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Falk and Reiser don’t worry about the kids

‘The Thing About My Folks’ is designed to appeal to an older audience
/ Source: Reuters

Who says old folks don’t go to the movies? All too often, Hollywood does because the fans largely responsible for making a film open in first place at the box office are mostly in their teens and 20s.

But with “The Thing About My Folks,” which opened in limited release last Friday, comedian Paul Reiser and actor Peter Falk hope to prove that a movie for older audiences can make money — and a lot of it.  Reiser is 48 and Falk 78.

In fact Reiser, co-creator and star of award-winning 1990s television hit “Mad About You,” said maybe his film shouldn’t even be marketed to people under 40.

“This film wasn’t made for 15-year-olds,” he told Reuters. “I think our slogan should be if you’re under 40, you’re not allowed to see this movie.”

While Reiser said he was half-joking, his serious side really wants young audiences to come because they, too, can learn about families and relationships in the comedy in which a middle-aged son (Reiser) and his elderly father (Falk) go on a road trip toward self-discovery.

Falk, TV’s crusty private detective Columbo, agrees.

“Younger kids, they understand that things aren’t so perfect with their father or with their mother,” he said in a joint interview with Reiser.

“They know there’s a gap, and if they’re interested in finding out more about why they aren’t more connected with their parents, they should see the movie,” said Falk.

“Nicely put,” added Reiser.

If kids do not turn up, however, Reiser, Falk and the movie’s distributor Picturehouse, which is a partnership of New Line Films and HBO Films, are unconcerned for good reason.

Fat old paycheckIn recent years, younger people have been going to movie theaters less and turning to video games, the Internet and hundreds of cable TV channels. Aging baby boomers, whose kids have left home, now make up the fastest-growing movie audience.

The number of moviegoers 12 to 39 years old fell slightly in 2004, while audiences 50 and older grew by 11 percent to their highest level in five years, according to the Motion Picture Association of America.

Moreover, Picturehouse thinks “The Thing About My Folks” could become a box office smash like 2002’s comedy “My Big Fat Greek Wedding.” That film cost $5 million to make, and in a long run in theaters sold $241 million worth of tickets in the United States and another $127 million overseas.

“Greek Wedding” did not open huge or top box office charts its opening weekend by drawing teens and 20-year-olds. Instead, it was released in a few theaters and at festivals and earned a loyal following among mature audiences by word of mouth.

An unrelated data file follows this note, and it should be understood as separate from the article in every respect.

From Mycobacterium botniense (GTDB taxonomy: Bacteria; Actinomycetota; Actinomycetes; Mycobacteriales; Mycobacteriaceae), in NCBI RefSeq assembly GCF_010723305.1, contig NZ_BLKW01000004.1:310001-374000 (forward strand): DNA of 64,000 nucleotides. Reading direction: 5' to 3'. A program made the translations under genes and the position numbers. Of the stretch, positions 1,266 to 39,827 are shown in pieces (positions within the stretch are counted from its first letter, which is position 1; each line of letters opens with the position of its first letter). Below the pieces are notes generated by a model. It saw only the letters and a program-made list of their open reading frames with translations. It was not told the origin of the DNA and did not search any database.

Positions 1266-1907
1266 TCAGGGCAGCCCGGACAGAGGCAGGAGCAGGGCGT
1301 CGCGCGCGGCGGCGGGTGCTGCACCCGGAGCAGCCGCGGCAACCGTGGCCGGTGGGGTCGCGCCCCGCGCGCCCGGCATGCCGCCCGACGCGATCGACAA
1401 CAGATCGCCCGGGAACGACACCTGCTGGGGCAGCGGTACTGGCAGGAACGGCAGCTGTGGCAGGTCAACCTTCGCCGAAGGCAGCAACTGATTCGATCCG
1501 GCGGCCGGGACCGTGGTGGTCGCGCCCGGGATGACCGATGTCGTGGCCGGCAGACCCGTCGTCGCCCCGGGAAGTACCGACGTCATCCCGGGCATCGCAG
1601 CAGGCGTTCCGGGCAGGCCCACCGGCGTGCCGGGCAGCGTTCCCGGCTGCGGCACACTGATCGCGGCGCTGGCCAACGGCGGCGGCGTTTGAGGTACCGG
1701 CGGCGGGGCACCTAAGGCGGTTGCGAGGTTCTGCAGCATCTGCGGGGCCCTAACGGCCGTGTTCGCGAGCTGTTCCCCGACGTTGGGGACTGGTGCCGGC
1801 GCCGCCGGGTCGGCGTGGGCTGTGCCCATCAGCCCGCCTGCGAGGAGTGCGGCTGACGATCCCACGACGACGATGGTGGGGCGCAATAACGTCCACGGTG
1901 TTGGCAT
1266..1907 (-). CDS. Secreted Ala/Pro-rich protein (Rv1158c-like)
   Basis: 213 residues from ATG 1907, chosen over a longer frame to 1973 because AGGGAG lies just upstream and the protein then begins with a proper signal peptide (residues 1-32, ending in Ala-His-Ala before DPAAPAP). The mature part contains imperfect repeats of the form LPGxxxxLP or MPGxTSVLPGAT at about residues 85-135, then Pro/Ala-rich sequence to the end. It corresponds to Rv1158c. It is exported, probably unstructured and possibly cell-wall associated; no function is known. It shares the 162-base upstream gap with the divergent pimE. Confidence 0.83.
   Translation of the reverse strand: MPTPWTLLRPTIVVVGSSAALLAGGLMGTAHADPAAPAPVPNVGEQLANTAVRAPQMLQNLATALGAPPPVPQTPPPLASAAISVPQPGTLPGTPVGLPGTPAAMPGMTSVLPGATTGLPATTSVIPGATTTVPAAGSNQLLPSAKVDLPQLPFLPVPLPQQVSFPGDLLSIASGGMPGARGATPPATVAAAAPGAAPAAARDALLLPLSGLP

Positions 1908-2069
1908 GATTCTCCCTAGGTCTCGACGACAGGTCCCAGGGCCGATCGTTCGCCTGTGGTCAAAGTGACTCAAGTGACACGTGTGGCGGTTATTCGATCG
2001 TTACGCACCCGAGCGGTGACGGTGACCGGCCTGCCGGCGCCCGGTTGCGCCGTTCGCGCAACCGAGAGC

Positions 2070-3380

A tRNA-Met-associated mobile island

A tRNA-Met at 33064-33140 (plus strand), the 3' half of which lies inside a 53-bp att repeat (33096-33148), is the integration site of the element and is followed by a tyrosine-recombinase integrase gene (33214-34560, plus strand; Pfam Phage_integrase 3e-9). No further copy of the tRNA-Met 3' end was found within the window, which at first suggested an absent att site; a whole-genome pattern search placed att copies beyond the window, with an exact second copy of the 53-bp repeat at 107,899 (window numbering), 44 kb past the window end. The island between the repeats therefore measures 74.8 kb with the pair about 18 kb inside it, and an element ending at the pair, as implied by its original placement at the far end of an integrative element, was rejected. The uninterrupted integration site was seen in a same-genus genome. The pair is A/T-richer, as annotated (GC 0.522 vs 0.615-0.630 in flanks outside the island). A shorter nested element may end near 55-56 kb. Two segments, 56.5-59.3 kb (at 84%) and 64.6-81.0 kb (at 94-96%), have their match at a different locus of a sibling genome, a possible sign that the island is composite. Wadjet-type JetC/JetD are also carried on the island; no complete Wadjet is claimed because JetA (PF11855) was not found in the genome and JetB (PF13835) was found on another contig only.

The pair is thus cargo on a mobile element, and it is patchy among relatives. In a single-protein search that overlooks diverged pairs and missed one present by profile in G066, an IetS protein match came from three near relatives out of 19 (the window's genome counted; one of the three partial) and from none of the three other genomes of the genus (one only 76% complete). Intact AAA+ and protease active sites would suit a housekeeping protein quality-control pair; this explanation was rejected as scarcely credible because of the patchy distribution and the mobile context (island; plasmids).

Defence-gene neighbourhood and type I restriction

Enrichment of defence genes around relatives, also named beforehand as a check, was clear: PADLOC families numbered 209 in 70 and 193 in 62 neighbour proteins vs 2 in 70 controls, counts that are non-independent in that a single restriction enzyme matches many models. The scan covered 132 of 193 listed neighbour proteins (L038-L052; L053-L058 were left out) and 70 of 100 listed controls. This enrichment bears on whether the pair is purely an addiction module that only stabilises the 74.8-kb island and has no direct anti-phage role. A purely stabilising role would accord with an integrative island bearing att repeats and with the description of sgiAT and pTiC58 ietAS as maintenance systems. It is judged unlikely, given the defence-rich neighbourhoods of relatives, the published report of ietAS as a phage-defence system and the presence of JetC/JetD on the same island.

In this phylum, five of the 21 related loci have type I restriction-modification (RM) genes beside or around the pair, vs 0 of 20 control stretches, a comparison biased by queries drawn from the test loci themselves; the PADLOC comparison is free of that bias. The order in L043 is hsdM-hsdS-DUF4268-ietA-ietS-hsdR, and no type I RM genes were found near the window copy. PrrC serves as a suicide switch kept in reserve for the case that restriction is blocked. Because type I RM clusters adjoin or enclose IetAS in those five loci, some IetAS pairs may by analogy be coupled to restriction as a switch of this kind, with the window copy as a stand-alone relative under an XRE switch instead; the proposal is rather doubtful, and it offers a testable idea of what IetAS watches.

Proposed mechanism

“The secret to a lot of these films is allowing the time for the movie to breathe a bit (in theaters),” said Picturehouse President Bob Berney.

He ought to know. While an executive at IFC Films, Berney spearheaded the marketing of “Greek Wedding,” and last year at Newmarket Films, he masterminded distribution for Mel Gibson’s $612 million worldwide smash “The Passion of the Christ.”

Still, those hits come along once every few years, whereas a summer or holiday season produces several blockbusters.

That’s why studios covet “The War of the World” with its invading aliens and flashy special effects over “The Thing About My Folks” featuring two old guys talking about wives, kids, careers and themselves.

Suitcase of drugsAfter he wrote the script, Reiser took it to every studio in town. Several executives asked him to rewrite it for a younger audience. One said that if Reiser would play the father and make the son an 8-year-old, the studio might fund it.

“Somebody said, ‘What if they find a suitcase and there’s drug money in it.’ I said: ‘When does that happen? That doesn’t happen in real life. That happens in a bad movie, and by the way, you’ve got plenty of those on your shelf.’”

Falk laughed. Reiser, who told the story, did not.

In fact, Reiser finally decided to make the movie his way. He found backers, hired actors, a crew and a director.

With the movie made, he still had no distributor, so he toured “The Thing About My Folks” around the United States, playing at regional film festivals to good crowds.

Reiser is not the first or the only writer, actor or other entertainer to run into problems with ageism in Hollywood. A group of TV writers sued the major U.S. television networks several years ago claiming they were unfairly passed over for jobs in favor of younger writers. After several rulings and appeals, the case remains in Los Angeles Superior Court.

Berney’s Picturehouse finally acquired “The Thing About My Folks” following April’s Tribeca Film Festival in New York.

“I’m feeling very vindicated that, when I see the audiences laughing and being moved, we were right. This movie was worth making,” Reiser said.